Pope accepts resignation of Australian archbishop convicted of not reporting abuse

Archbishop Philip Wilson Courtesy of the Archdiocese of Adelaide CNA Archbishop Philip Wilson. Courtesy of the Archdiocese of Adelaide.

Pope Francis accepted Monday the resignation of Archbishop Philip Wilson following calls for the prelate's removal as head of the Archdiocese of Adelaide. Wilson was convicted in May of failing to report allegations of child sexual abuse disclosed to him in the 1970s.

A July 30 announcement from the Vatican stated that Archbishop Wilson had submitted his "resignation of the pastoral government of the archdiocese" and that it had been accepted by Pope Francis.

The resignation followed cries from political and Church leaders in Australia for Wilson to either resign or to be removed by Pope Francis, including from prime minister Malcolm Turnbull, who asked the pope to dismiss the archbishop July 19.

Archbishop Mark Coleridge of Brisbane, president of the Australian bishops' conference, also said that "a number of survivors, prominent Australians and other members of the community have publicly called on Archbishop Wilson to resign."

"Although we have no authority to compel him to do so, a number of Australian bishops have also offered their advice privately," he said, adding that "only the Pope can compel a bishop to resign."

In a statement on his resignation July 30, Wilson said he submitted his resignation letter to Pope Francis July 20.

He was not requested to do so by the Vatican, he said, but he made the decision because he had become "increasingly worried at the growing level of hurt" his conviction may have caused.

Wilson also noted his previous intention to defer the decision of whether to step down until after the completion of his appeal process, but said, "there is just too much pain and distress being caused by my maintaining the office of Archbishop of Adelaide, especially to the victims of Fr. Fletcher."

"I must end this and therefore have decided that my resignation is the only appropriate step to take in the circumstances."

Wilson, 67, was convicted May 22 of concealing abuse committed by a fellow parish priest in New South Wales in the 1970s. At the time, Wilson had been ordained a priest for only one year.

The victims of the scandal, Peter Creigh and another altar boy who is unnamed for legal reasons, said they both had told Wilson of their abusive experience with Fr. James Fletcher.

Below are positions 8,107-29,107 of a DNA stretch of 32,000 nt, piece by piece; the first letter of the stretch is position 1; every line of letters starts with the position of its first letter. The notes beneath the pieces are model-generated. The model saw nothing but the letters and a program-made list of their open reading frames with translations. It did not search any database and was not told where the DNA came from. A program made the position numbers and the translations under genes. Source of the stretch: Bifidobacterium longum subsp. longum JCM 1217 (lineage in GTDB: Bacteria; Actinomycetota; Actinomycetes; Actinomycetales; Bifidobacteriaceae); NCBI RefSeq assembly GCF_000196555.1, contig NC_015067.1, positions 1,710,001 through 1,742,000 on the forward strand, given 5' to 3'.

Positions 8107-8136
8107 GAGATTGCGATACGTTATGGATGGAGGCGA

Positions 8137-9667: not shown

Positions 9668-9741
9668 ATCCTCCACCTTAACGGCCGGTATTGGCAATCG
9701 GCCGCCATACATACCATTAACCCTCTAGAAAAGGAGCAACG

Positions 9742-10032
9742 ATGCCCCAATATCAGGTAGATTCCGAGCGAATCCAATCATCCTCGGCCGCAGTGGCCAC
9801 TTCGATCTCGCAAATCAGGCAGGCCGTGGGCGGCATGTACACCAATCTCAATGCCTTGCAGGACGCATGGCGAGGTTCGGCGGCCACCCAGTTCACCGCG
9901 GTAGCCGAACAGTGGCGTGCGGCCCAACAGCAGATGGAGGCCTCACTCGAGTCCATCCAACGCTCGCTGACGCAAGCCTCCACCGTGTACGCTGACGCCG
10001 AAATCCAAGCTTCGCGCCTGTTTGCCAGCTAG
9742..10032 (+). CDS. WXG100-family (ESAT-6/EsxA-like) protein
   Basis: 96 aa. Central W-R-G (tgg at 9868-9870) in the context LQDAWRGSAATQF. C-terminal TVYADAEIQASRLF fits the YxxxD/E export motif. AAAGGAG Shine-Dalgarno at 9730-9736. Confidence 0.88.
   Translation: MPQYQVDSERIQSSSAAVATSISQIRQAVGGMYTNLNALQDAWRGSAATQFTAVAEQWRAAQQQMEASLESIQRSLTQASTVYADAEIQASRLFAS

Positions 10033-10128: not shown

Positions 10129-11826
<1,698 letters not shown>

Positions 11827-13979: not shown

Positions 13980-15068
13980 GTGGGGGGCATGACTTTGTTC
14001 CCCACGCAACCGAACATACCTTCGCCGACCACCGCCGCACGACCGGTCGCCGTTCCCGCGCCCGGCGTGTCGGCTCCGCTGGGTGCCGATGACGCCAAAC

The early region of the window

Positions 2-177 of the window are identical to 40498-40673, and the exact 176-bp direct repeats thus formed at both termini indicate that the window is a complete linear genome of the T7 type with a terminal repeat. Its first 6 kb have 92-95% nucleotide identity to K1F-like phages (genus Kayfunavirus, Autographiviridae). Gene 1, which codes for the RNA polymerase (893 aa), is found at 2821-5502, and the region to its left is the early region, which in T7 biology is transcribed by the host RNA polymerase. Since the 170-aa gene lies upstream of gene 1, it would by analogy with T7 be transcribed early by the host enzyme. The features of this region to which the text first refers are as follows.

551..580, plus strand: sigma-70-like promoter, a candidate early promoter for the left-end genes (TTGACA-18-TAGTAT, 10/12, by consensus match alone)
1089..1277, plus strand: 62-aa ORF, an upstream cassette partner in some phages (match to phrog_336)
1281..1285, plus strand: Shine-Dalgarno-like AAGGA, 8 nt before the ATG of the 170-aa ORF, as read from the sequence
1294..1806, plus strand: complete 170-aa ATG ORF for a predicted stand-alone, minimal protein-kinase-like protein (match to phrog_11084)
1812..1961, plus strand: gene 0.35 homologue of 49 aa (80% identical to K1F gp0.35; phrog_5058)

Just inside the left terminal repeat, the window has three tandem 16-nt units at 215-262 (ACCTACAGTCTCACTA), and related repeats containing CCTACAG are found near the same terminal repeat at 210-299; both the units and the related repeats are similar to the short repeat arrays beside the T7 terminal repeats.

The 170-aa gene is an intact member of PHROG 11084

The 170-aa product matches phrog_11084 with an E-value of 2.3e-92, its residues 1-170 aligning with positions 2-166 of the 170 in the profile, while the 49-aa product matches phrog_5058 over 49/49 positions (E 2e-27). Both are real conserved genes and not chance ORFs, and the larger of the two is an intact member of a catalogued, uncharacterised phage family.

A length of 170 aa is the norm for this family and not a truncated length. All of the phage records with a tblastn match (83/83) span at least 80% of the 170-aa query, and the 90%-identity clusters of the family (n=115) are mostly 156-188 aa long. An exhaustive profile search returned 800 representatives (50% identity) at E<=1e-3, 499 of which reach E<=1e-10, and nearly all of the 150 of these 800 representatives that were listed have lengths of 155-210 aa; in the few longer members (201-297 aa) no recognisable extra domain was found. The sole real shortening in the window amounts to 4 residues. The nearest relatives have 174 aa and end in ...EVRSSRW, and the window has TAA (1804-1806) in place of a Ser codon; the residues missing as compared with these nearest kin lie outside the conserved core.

Wilson has maintained his innocence throughout the process, saying he had no recollection of the accusations, and insisting that if he had been notified of the scandal, he would have offered pastoral care to the victims and their families, and reported the event to his superiors.

According to CNN, the archbishop's legal team argued that in the 1970s, child sex abuse was not understood to be a serious crime that should be reported to authorities.

His legal team had attempted four times to have the case thrown out, including after the archbishop was diagnosed with the early stages of Alzheimer's disease late last year, but it was denied.

The archbishop was sentenced July 3 to a 12-month sentence, which will likely be served as house arrest, but said July 4 he planned to appeal the conviction. Wilson said he was aware of the calls for his resignation, and was taking them very seriously, but intended to resign only in the case of the failure of the new appeal.

In June Pope Francis appointed Bishop Gregory O'Kelly of Port Pirie apostolic administrator of the Archdiocese of Adelaide. O'Kelly will continue to oversee the archdiocese until the appointment of a new bishop.

Upon the announcement of Wilson's resignation, Bishop O'Kelly said that the last few weeks had been a "testing time for so many," including both victims of abuse in the Church and the archbishop himself.

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"With the resignation, may there now be a time of healing for all concerned," he continued. "May we not forget the good the Archbishop had done in so many ways while at the same time renewing our resolve to care for those who have been hurt by personnel of the Church."

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